“Mr. Crane’s Vivid Story” (scenes 1 – 3, Washington, D.C, February, 1898)

“Mr. Crane’s Vivid Story” (scenes 1 – 3,  Washington, D.C, February, 1898)


Poster advertising Edward Amets faked recreation of the battle of Manilla Bay, circa 1898



USS Maine Tablet (1912), old Rochester City Hall, Fitzhugh Street

Scene 1: Havana, February 1898



from 1896 film, Boxing match or Glove Contest

Scene 2: Pawtucket, Rhode Island, February 1898

600x300xBuffalo.jpg.pagespeed.ic_.Gy-iNOWiNpScene 4: Montana, February 1898

Scene 5: New York, February 1898220px-StephenCraneandCora1899

Scene 6: The Cuban Countyrside, February 1898


Scene 7: Havana, May 1898










Scene 8: Havana, May 1898evangelina-cosío-cisneros%202

Scene 9, Siboney, Cuba June 1898crank 2

More about early war films  Filming, faking and propaganda: The origins of the war film, 1897-1902

and see On Spanish-American War Monuments and Rochester. And remembering the Buffalo Soldiers on Veteran’s Day

Scene 3 Washington, D.C


Stephen Crane reporting on the Greco-Turkish War, 1897


(Theodore Roosevelt in his Navy War Office. The phone rings.  He fumbles with the receiver, cursing and muttering)


replica of the telephone President McKinley used in the White House during the Spanish-American War

Voice: Mrs. Penelope Davis of Richmond, Virginia to see you.  Back from her year in Paris.

Roosevelt: Send her in.

Penelope:   (excited)   Teddy, Teddy, ce’st moi!   How is my dear Teddy, mon petite Teddy!  (touching Roosevelt’s large frame).

Roosevelt: Mrs. Penelope Davis, I presume.  No doubt bearing pate, truffles, and bon bons.

Penelope:   You are such the mind reader!  You must be a marvel at phrenology!  (She hands him a package as she holds her hand on her head.)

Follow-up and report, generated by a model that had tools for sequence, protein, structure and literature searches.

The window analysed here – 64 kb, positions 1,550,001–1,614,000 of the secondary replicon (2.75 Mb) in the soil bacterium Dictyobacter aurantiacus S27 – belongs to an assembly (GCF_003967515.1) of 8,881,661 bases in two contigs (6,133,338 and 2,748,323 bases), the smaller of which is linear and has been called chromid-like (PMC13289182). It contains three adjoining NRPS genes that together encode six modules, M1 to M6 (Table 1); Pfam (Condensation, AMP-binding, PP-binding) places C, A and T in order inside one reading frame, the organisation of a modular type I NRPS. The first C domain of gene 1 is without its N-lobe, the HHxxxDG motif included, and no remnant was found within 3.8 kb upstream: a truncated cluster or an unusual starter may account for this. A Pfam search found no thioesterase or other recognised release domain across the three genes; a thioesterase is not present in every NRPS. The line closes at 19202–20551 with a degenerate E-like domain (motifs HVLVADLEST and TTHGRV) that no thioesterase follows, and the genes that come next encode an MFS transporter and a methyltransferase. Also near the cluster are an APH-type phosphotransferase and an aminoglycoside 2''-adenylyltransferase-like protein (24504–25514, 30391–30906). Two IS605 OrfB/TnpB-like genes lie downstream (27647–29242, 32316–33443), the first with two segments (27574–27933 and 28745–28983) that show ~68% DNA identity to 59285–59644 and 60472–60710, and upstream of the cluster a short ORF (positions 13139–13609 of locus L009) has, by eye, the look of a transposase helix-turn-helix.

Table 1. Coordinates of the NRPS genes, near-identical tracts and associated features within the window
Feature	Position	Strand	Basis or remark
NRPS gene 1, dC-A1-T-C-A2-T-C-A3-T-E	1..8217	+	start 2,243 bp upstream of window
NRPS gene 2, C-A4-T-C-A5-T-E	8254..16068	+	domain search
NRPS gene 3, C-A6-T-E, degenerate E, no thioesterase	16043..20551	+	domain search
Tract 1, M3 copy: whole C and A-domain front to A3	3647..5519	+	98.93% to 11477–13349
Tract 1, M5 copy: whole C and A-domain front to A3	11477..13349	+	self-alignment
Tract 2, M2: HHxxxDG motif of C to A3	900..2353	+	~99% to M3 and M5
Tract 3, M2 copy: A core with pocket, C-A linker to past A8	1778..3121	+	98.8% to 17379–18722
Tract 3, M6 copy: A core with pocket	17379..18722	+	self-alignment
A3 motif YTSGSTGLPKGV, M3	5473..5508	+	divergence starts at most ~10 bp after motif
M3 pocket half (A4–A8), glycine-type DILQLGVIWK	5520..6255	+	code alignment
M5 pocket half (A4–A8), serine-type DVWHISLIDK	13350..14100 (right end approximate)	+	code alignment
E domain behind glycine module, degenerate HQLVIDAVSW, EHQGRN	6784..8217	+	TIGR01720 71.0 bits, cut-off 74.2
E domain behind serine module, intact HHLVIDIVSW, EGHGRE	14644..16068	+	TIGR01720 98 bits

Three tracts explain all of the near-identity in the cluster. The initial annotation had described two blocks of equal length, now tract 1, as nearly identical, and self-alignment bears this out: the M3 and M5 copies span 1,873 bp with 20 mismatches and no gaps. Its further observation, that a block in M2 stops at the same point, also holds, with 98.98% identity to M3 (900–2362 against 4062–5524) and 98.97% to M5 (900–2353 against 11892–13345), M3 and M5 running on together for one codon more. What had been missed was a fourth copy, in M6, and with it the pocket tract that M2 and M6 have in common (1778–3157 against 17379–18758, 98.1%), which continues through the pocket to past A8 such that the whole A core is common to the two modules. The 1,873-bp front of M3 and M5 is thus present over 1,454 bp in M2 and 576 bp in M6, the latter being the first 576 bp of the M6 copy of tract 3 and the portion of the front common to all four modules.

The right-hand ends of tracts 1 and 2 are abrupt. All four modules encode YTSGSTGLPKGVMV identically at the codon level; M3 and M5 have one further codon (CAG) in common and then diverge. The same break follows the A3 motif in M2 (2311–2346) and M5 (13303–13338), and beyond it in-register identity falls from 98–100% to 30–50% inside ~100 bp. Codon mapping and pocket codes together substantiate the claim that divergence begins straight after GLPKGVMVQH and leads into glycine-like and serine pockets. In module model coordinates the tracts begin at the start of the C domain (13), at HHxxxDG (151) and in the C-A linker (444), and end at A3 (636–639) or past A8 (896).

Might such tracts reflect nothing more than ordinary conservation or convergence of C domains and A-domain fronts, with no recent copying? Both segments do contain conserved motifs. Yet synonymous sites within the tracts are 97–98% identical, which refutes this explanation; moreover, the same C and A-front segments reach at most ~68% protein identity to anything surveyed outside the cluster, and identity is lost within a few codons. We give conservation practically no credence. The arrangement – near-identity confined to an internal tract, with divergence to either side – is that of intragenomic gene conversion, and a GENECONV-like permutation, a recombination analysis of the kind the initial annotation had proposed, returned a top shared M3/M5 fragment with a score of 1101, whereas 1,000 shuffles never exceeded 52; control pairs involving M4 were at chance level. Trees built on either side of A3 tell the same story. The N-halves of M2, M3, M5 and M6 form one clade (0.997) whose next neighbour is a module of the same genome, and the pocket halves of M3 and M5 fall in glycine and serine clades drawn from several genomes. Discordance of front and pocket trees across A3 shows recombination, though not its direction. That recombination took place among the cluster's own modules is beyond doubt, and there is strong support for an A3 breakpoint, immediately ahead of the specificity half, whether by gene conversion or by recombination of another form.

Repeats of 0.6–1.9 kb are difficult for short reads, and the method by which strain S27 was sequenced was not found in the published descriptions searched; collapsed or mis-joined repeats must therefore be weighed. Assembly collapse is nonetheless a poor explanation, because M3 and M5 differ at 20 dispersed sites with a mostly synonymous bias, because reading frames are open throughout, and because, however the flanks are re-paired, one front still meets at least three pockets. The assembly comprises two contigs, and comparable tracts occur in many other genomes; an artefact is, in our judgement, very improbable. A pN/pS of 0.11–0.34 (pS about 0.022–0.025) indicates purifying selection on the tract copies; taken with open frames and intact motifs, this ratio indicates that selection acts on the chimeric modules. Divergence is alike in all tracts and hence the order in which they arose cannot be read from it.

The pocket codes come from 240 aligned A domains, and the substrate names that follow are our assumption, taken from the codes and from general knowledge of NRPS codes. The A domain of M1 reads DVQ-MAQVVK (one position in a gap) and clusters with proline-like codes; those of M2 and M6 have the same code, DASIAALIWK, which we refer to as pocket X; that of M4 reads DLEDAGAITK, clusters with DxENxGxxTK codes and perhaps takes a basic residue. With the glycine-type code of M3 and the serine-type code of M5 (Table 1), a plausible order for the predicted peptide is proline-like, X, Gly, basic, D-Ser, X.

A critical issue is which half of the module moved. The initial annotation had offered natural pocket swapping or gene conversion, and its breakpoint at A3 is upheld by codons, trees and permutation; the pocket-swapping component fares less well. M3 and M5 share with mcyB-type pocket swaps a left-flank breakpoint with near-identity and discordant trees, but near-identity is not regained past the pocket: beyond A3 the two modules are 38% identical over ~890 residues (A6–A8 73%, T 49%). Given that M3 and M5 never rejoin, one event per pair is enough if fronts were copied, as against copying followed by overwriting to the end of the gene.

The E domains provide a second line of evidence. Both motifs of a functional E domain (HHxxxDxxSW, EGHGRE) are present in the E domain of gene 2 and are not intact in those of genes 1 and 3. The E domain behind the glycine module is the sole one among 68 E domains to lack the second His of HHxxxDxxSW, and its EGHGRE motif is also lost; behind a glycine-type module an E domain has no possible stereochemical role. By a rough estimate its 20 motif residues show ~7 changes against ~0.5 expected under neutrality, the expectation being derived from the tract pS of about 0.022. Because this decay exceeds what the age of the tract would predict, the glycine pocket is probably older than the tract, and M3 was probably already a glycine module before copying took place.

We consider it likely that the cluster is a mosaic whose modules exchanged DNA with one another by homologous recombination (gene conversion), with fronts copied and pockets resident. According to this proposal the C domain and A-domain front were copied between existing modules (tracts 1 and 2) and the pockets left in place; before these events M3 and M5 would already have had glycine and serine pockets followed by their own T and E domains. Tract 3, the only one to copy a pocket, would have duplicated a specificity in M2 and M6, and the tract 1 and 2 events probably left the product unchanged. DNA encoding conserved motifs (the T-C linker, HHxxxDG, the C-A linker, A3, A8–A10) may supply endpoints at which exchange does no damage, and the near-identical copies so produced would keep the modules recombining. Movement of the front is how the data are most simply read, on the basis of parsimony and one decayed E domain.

Roosevelt when serving as Assistant Secretary to the Navy

Roosevelt: And how was gay Paree?

Penelope: Absolutely wretched.  They made us sleep on feather beds; there wasn’t a stitch of buffalo meat to be had, and the only wild Indians I saw were selling postcards of the Eifel Tower.  You would have despised it.

Roosevelt: Well, perhaps shooting Frogs on the River Seine would have been good sport.  Although, it’s hard to aim while holding your nose.  (he holds his nose)

(The phone rings. Again Roosevelt fumbles and curses.)ImpUS7

Roosevelt: What?  Dear God.  How bad is it?  Get back to me as soon as you know.

Penelope: What is it? Teddy, you look like you’ve seen a ghost.

Roosevelt: More like 250 of them.  The Maine has blown up in Havana Harbor.

Penelope: Oh, my!  (she appears faint)  I don’t understand.  Why was the Maine there?  I’ve been abroad so long . . .

Roosevelt:   The Maine was sent to Cuba to protect American citizens.  While you’ve been gone things have heated up.  (He goes to the War Department map)

Here’s Cuba, you see. Not more than two day’s sail from Florida.  Cuba is Spain’s last colony in the New World.  The Bourbon monarchy has been running the island into the ground for years.  The Cuba people have revolted. They’re tired of the Old World and I can’t blame them.


from Richard Harding Davis, The Cuban and Porto Rican Campaigns (1899)

Penelope: But to blow up the Maine.  All those innocent boys!

Roosevelt: We don’t know yet what happened.  But I wouldn’t put it past those syphilitic bastards.

Penelope: Teddy!

Roosevelt: I feel as bad about those boys as you do.  But this means war for sure and I’m glad of it.  If the Navy has anything to say about it, America is about to become a world power.  Maybe the world power.  Cuba is in our backyard and we can’t stand for this.